Suicide Poems

Suicide is a complex and often a taboo subject that has been explored through poetry for centuries. Poets use language to convey the pain, despair, and confusion often accompanying suicidal thoughts and actions. Poems about suicide can be difficult to read but can also be powerful and thought-provoking.

Many famous poets throughout history have written about suicide, including Sylvia Plath, Anne Sexton, and Robert Frost. These poets often used their personal experiences with depression, anxiety, and trauma to create moving and honest portrayals of mental health struggles.

While poems about suicide can be intense and emotional, they can also offer a sense of catharsis and healing. Reading and writing poetry about suicide can be a way to process difficult emotions and connect with others who may be going through similar struggles. It is important to remember that suicide is a serious issue that requires professional help and support. Still, poetry can be a powerful tool for raising awareness and starting important conversations about mental health.

Suicide’s Note

by Langston Hughes

‘Suicide’s Note’ is a three-line poem that speaks from the perspective of someone who wants to take their own life. They feel the “cool face” of the river asking them for a “kiss.”

This is one of the most interesting poems about suicide. The calm and cool face of the river can be interpreted as a metaphor for the idea of death or suicide, which is often seen as a peaceful escape from the struggles of life. The river's request for a kiss can be read as a temptation to end one's life, to give in to the desire to end suffering and seek the calmness of death. The poem can be seen as a meditation on the allure of suicide, and the difficulty of resisting the temptation to end one's pain.

The calm,

Cool face of the river

Suicide in the Trenches

by Siegfried Sassoon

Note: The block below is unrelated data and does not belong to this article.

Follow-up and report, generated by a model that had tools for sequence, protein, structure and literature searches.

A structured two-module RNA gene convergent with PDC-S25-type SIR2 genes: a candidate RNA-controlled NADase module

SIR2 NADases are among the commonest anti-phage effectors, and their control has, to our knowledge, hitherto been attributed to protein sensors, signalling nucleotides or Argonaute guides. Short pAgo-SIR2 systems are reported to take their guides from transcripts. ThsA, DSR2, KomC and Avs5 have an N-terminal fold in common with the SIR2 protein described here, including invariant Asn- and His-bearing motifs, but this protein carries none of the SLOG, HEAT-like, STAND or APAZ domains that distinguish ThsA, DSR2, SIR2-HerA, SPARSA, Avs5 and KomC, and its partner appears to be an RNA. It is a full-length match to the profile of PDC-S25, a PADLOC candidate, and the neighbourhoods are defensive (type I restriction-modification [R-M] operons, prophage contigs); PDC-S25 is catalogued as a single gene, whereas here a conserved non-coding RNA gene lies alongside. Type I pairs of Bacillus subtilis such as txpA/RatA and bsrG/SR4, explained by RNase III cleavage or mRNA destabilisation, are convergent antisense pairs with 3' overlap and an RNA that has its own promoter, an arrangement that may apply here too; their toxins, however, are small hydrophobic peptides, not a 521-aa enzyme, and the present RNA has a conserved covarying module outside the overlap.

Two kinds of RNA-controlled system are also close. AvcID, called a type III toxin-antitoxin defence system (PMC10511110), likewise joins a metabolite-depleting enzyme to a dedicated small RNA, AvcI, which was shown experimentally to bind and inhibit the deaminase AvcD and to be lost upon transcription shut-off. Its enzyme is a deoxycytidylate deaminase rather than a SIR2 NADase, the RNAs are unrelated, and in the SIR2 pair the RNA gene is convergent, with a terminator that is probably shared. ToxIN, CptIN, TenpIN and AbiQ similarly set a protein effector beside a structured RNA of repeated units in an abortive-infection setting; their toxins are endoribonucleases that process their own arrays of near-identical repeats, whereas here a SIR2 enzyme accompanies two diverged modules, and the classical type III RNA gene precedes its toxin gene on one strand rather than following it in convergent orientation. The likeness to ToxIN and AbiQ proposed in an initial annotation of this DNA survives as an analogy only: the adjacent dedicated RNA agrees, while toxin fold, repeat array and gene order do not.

‘Suicide in the Trenches’ is an incredibly tragic poem. Siegfried Sassoon explores the mental deterioration of a young soldier in the trenches of WW1 and his suicide.

The poem "Suicide in the Trenches" directly deals with suicide in the context of war. It portrays a young soldier who cannot cope with the war's physical and psychological trauma, ultimately leading him to take his own life. The poem is deeply sad and highly effective.

I knew a simple soldier boy

Who grinned at life in empty joy,

Slept soundly through the lonesome dark,

And whistled early with the lark.

Lady Lazarus

by Sylvia Plath

‘Lady Lazarus’ is one of the best poems of Sylvia Plath and an ideal example of Plath’s diction. This poem contains Plath’s poetic expression of her suicidal thoughts.

Death and suicide are prominent themes throughout the poem. Plath uses the figure of Lazarus, who was raised from the dead, to draw parallels between death and resurrection. She emphasizes the inevitability of death and the desire for control over one's life. Through her portrayal of suicide, Plath challenges societal norms and expectations and offers a powerful commentary on the human condition and the struggle for meaning in life.

I have done it again.

One year in every ten

I manage it——

The Suicide’s Soliloquy

by Abraham Lincoln

‘The Suicide’s Soliloquy’ is a dark poem about sorrow and suicide which some believe was written by the 16th president of the United States, Abraham Lincoln.

The poem's narrator is contemplating suicide and describes the place where he intends to end his life. He longs for the relief that death will bring and sees it as the only solution to his misery. This poem is written in beautiful language that is as haunting as it is interesting.

Here where the lonely hooting owl

Sends forth his midnight moans,

Fierce wolves shall o’er my carcase growl

Or buzzards pick my bones.


by Anne Sexton

‘Rowing’ by Anne Sexton is a moving and unforgettable poem about depression. It was written two years before Sexton took her life in 1974.

The mention of the "gnawing pestilential rat" and the speaker's desire to get rid of it is often interpreted as a reference to suicidal thoughts. This seems particularly important, considering that only a few days after writing this poem, Anne Sexton committed suicide.

A story, a story!

(Let it go. Let it come.)

I was stamped out like a Plymouth fender

into this world.

First came the crib

Don’t kill yourself today

by Hannah Dains

‘Don’t kill yourself today’ by Hannah Dains is a thoughtful and powerful poem about suicide. The poet explores all the reasons someone has to stay alive and expresses her love for those struggling with depression.

The poem directly addresses suicide, urging the reader not to proceed. It acknowledges that suicide might seem like a solution but points out that it is a permanent one to a temporary problem. Although this poem is directed at young readers who are suffering from depression, it's also likely going to feel relatable to other readers as well.

Don’t kill yourself today

Because your Netflix free trial still has a week left.

Don’t kill yourself today

because no one else will finish off the chicken in the fridge.